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Original article

Improving Rehabilitation Information-Giving to Intensive Care Unit Survivors to Aid in Physical and Psychological Recovery


Intensive care unit (ICU) survivors have an increased mortality rate and reduced quality of life associated with post-ICU syndrome: a triad of physical, psychiatric and cognitive decline. Following evidence on the benefits of early rehabilitation, the National Institute of Clinical Excellence (NICE) CG83 guidelines instruct the provision of rehabilitation information to ICU patients before discharge. Only 33% of UK trusts meet these guidelines.

The aim of this project was to reach 100% patient and ICU therapist satisfaction with the rehabilitation information given before ICU discharge at Medway Maritime Hospital, within four months.

Patient and therapist satisfaction was assessed using questionnaires at baseline and following each Plan-Do-Study-Act (PDSA) cycle. In PDSA1, a generalised rehabilitation information booklet was created and distributed to ICU survivors pre-discharge. For PDSA2, a personalised rehabilitation plan completed by therapists was added. During PDSA3, the booklet was enriched with mental health and speech and language therapy sections.

Results showed a shift in patient satisfaction scores, indicating a significant change in the median from 20% at baseline to 87% after PDSA3. This was also reflected in the therapist satisfaction scores, which increased significantly from 60% at baseline to 100%.

The introduction of a generalised information booklet, supplemented with a personalised recovery plan, is an effective way of increasing critical care patient and therapist satisfaction with post-discharge rehabilitation information provision. This should translate to greater patient engagement with rehabilitation and improved long-term outcomes. This is ever more pertinent, as the COVID-19 pandemic will exponentially increase the numbers of ICU survivors at risk of long-term morbidity and mortality.



The NICE CG83 guideline, titled “Rehabilitation after Critical Illness in Adults”, addresses the prevention of the long-term repercussions of admission to an ICU [1]. Section 1.22 of this guidance instructs the provision of patients with a range of information prior to discharge from ICU, with the intention of supporting patients and their carers with their subsequent recovery. NICE recommends that the information includes advice on physical recovery, diet and activities of daily living, as well as links to local support services.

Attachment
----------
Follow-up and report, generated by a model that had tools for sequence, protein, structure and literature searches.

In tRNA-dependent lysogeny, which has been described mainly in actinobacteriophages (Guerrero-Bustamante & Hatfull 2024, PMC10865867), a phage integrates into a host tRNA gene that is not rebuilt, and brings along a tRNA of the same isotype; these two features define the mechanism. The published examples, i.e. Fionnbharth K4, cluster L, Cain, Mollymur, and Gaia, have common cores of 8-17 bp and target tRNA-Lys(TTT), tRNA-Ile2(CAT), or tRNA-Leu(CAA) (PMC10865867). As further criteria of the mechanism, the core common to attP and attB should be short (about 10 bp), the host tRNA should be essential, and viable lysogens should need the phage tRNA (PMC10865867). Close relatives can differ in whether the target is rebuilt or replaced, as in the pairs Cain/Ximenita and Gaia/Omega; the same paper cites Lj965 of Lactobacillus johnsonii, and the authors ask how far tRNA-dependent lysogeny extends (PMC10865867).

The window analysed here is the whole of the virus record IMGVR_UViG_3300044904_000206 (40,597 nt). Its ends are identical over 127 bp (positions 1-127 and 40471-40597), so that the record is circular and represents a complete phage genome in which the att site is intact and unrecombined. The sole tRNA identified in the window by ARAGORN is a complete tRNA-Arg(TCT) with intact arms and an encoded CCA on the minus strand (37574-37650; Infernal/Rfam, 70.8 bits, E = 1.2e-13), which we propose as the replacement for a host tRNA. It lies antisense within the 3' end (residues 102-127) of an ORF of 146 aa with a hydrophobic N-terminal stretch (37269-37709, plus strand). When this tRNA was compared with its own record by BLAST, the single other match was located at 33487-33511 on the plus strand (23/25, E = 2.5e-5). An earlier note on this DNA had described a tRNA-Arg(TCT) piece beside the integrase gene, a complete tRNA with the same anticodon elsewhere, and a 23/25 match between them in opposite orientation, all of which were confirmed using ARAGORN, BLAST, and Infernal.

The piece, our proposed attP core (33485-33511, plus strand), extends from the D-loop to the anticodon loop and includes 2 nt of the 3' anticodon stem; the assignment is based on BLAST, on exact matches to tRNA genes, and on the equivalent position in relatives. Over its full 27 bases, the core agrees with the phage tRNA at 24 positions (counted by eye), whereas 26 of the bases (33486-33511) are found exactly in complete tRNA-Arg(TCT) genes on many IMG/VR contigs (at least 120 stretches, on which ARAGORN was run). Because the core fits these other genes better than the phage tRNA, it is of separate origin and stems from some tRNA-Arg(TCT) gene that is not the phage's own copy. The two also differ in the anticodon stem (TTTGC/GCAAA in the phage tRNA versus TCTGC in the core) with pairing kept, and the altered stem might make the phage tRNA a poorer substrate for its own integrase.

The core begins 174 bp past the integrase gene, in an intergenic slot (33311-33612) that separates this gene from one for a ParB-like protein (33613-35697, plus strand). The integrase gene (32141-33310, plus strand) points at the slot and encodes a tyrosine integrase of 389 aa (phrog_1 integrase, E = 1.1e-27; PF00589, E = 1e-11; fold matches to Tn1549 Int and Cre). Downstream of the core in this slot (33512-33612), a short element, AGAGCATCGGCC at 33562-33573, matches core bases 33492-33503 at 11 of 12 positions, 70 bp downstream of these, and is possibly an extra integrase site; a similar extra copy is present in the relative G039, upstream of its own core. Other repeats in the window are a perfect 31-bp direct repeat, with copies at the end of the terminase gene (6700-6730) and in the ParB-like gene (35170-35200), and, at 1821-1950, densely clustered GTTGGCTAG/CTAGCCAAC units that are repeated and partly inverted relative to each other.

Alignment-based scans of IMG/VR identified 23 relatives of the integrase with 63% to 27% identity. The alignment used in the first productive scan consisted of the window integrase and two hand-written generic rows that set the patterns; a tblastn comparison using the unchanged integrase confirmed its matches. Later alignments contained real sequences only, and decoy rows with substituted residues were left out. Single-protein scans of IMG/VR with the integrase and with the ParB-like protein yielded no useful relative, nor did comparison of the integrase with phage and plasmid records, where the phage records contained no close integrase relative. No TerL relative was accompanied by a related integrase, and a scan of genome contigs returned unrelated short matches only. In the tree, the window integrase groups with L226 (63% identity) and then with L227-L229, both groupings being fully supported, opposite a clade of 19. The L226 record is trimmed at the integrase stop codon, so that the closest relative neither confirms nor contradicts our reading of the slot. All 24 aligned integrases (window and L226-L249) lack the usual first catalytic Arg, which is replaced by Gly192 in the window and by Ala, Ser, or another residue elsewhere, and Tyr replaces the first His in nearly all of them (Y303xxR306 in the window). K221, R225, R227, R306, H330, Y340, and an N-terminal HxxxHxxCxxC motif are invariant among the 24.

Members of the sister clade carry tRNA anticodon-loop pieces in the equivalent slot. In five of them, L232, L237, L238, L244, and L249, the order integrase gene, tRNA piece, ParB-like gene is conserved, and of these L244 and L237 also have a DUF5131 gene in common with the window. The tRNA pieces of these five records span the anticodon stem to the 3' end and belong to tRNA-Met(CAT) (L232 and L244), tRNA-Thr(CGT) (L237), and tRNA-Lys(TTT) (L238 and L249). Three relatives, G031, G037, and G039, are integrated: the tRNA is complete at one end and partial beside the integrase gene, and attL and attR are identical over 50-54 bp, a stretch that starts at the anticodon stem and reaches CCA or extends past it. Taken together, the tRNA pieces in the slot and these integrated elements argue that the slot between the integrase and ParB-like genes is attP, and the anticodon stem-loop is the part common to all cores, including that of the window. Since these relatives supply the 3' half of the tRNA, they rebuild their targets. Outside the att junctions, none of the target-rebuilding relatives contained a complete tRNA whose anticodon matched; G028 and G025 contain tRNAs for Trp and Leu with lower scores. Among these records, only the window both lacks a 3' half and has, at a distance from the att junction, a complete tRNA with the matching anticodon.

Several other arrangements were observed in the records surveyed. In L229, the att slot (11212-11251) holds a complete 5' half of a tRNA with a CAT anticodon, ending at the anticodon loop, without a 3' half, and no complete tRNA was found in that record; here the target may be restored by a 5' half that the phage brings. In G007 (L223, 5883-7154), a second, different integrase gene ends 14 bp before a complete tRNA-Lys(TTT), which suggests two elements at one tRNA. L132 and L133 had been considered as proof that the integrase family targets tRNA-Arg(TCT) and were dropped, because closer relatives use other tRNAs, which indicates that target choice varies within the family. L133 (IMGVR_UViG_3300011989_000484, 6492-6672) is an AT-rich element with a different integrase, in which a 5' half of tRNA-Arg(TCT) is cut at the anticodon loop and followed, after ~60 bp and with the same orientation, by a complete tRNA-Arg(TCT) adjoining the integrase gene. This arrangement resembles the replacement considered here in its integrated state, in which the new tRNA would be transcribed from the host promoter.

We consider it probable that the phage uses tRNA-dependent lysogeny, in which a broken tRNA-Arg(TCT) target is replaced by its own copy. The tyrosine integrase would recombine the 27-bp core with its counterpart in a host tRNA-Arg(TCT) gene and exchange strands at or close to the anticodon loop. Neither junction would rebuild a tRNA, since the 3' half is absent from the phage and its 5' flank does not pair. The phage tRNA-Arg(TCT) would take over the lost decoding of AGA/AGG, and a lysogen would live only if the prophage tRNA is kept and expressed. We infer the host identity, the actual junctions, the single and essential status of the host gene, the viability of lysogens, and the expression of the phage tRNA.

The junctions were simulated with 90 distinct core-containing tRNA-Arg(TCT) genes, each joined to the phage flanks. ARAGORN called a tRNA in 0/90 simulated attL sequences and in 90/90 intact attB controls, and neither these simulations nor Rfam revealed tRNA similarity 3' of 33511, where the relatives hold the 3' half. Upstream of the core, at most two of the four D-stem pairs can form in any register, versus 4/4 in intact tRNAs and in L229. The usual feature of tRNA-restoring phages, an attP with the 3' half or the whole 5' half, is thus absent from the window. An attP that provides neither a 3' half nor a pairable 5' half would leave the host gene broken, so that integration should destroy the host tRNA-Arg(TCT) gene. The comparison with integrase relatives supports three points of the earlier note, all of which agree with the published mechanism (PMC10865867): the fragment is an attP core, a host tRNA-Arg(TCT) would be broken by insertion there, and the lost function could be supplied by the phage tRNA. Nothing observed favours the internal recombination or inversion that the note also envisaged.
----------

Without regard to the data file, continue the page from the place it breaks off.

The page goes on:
Despite information being readily available from reputable online sources, such as ICU steps and individual trusts, information-giving prior to ICU discharge is frequently overlooked [2]. Indeed, a national study demonstrated only 33% of trusts to be fully compliant with the guidelines on pre-discharge care, with less than half providing information covering all the domains mentioned in section 1.22 [3].

To complement rehabilitation, the guidelines additionally recommend the delivery of follow-up services at two to three months' post-ICU discharge [1]. However, these are only offered by 27% of UK trusts due to funding and staffing constraints and are often poorly attended [4-5]. Consequently, post-ICU rehabilitation is often self-lead and unsupported.

Currently, the evidence exploring ways to improve self-rehabilitation following discharge from ICU is limited. Therefore, multiple sources, including the NICE, 2017 Quality standard 158, have highlighted “Information on discharge from hospital” as a priority subject for Quality Improvement [4,6].